During the war, massacres and acts of terror were conducted by and against both sides. A campaign of massacres and violence against the Arab population, such as occurred at Lydda and Ramle and the Battle of Haifa, led to the expulsion and flight of over 700,000 Palestinians, with most of their urban areas being depopulated and destroyed. This violence and dispossession of the Palestinians is known today as the Nakba (Arabic for "the disaster")[22] and resulted in the beginning of the Palestinian refugee problem.



The Nakba (Arabic: النكبة an-Nakbah, lit. 'The Catastrophe') was the ethnic cleansing[2] of Palestinians in Mandatory Palestine during the 1948 Palestine war through their violent displacement and dispossession of land, property, and belongings, along with the destruction of their society, culture, identity, political rights, and national aspirations.[3] The term is also used to describe the ongoing persecution and displacement of Palestinians by Israel.[4] As a whole, it covers the shattering of Palestinian society and the long-running rejection of the right of return for Palestinian refugees and their descendants.[5][6]

During the Nakba in 1948, approximately half of Palestine's predominantly Arab population, or around 750,000 people,[7] were expelled from their homes or made to flee, at first by Zionist paramilitaries through various violent means, and after the establishment of the State of Israel, by the Israel Defense Forces. This occurred in the wake of dozens of massacres targeting Palestinian Arabs and the depopulation of 500 Arab-majority towns and villages,[8] with many of these being either completely destroyed or repopulated by Jews and given new Hebrew names. By the end of the war, 78% of the total land area of the former Mandatory Palestine was controlled by Israel and at least 15,000 Palestinian Arabs had been killed.[9][10]

The Palestinian national narrative views the Nakba as a collective trauma that defines their national identity and political aspirations, whereas the Israeli national narrative views the same events in terms of the war of independence that established their aspirations for statehood and sovereignty.[11][12][13] To this end, the Palestinians observe 15 May as Nakba Day, commemorating the war's events one day after Israel's Independence Day.[14][15] In 1967 following the Six-Day War, another series of Palestinian exodus occurred; this came to be known as the Naksa (lit. 'Setback'), and also has its own day, 5 June.

The Nakba has greatly influenced Palestinian culture and is a foundational symbol of the current Palestinian national identity, together with the political cartoon character Handala, the Palestinian keffiyeh, and the Palestinian 1948 keys. Many books, songs, and poems have been written about the Nakba.[16] Nakba denial remains prevalent despite the growing scholarship on it, such as those by the Israeli New Historians.


Revisionist history.
 
There's always more back-story;
...

1936–1939 Arab revolt in Palestine​


Main articles: 1936–1939 Arab revolt in Palestine and Arab general strike (Mandatory Palestine)

The peasant-led 1936–1939 Arab revolt in Palestine broke out in the context of increased Jewish migration to Palestine and the plight of the rural native fallāḥīn.[27] It began with a general strike among Palestinian Arabs on 19 April 1936.[28]


Jewish insurgency in Mandatory Palestine​


Main article: Jewish insurgency in Mandatory Palestine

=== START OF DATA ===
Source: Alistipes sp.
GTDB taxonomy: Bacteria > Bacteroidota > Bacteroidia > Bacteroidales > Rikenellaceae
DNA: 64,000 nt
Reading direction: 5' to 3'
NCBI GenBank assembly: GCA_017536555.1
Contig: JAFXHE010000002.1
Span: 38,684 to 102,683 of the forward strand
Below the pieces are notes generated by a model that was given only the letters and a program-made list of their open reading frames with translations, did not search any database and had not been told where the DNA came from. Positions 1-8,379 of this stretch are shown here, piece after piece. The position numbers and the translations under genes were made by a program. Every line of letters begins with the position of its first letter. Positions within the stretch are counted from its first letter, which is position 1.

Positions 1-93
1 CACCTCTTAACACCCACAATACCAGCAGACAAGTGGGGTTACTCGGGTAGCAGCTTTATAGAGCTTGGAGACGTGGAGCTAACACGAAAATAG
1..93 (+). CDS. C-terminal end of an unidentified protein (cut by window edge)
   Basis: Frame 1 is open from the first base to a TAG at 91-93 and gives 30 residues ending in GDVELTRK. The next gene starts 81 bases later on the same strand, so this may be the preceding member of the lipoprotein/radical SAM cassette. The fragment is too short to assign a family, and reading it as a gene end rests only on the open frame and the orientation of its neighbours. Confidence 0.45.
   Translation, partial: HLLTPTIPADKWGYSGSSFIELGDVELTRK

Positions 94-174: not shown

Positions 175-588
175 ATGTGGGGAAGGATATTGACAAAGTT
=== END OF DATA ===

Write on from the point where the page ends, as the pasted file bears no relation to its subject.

Particularly after the White Paper of 1939, the Zionist paramilitary organizations Irgun, Lehi, and Haganah carried out a campaign of acts of terror and sabotage.[29][30]


The Arab states​


Following World War II, the surrounding Arab states were emerging from mandatory rule. Transjordan, under the Hashemite ruler Abdullah I, gained independence from Britain in 1946 and was called Jordan in 1949, but remained under heavy British influence. Egypt gained nominal independence in 1922, but Britain continued to exert a strong influence on it until the Anglo-Egyptian Treaty of 1936 limited Britain's presence to a garrison of troops on the Suez Canal until 1945. Lebanon became an independent state in 1943, but French troops did not withdraw until 1946, the same year Syria won its independence from France.

In 1945, at British prompting, Egypt, Iraq, Lebanon, Saudi Arabia, Syria, Transjordan, and Yemen formed the Arab League to coordinate policy among the Arab states. Iraq and Transjordan coordinated closely, signing a mutual defence treaty, while Egypt, Syria, and Saudi Arabia feared that Transjordan would annex part or all of Palestine and use it as a stepping stone to attack or undermine Syria, Lebanon, and the Hijaz.[31]


The 1947 UN Partition Plan​

....
Several more sections-paragraphs in the link.
These maps help explain some of the situation.
209px-UN_Partition_Plan_For_Palestine_1947.png


252px-Israel_and_Palestine_1st_June_1948-EN.svg.png


225px-Cia-is-map2.png

Oh yeah, there is plenty of backstory. And had Europe stayed out, these problems probably would not exist.
 
Those who sided with the Arab nations attacking and invading. That's the price when you pick the wrong side to fight with.

Equal numbers of Jews were expelled from Arab nations during that time as a result of the war and hostilities.

Thank you once again for showing your neo-Nazi true colors.
What you say doesn't seem to be the case. I'm no Nazi and my opposition to the policies of the Israeli gvernment is not hatred of Jewish people. I shall continue opposng the actions of te Israeli gvernment in this case just like the majority of the people of Israel do. The only people it seems who like what's going on are the American right wing extremists.
 
Oh yeah, there is plenty of backstory. And had Europe stayed out, these problems probably would not exist.
The same problems existed under the Ottoman Empire. Islamics can’t get along with anyone who is not Muslim, and of the same sect. Every Muslim sect will just as happily kill the members of other sects as they kill infidels.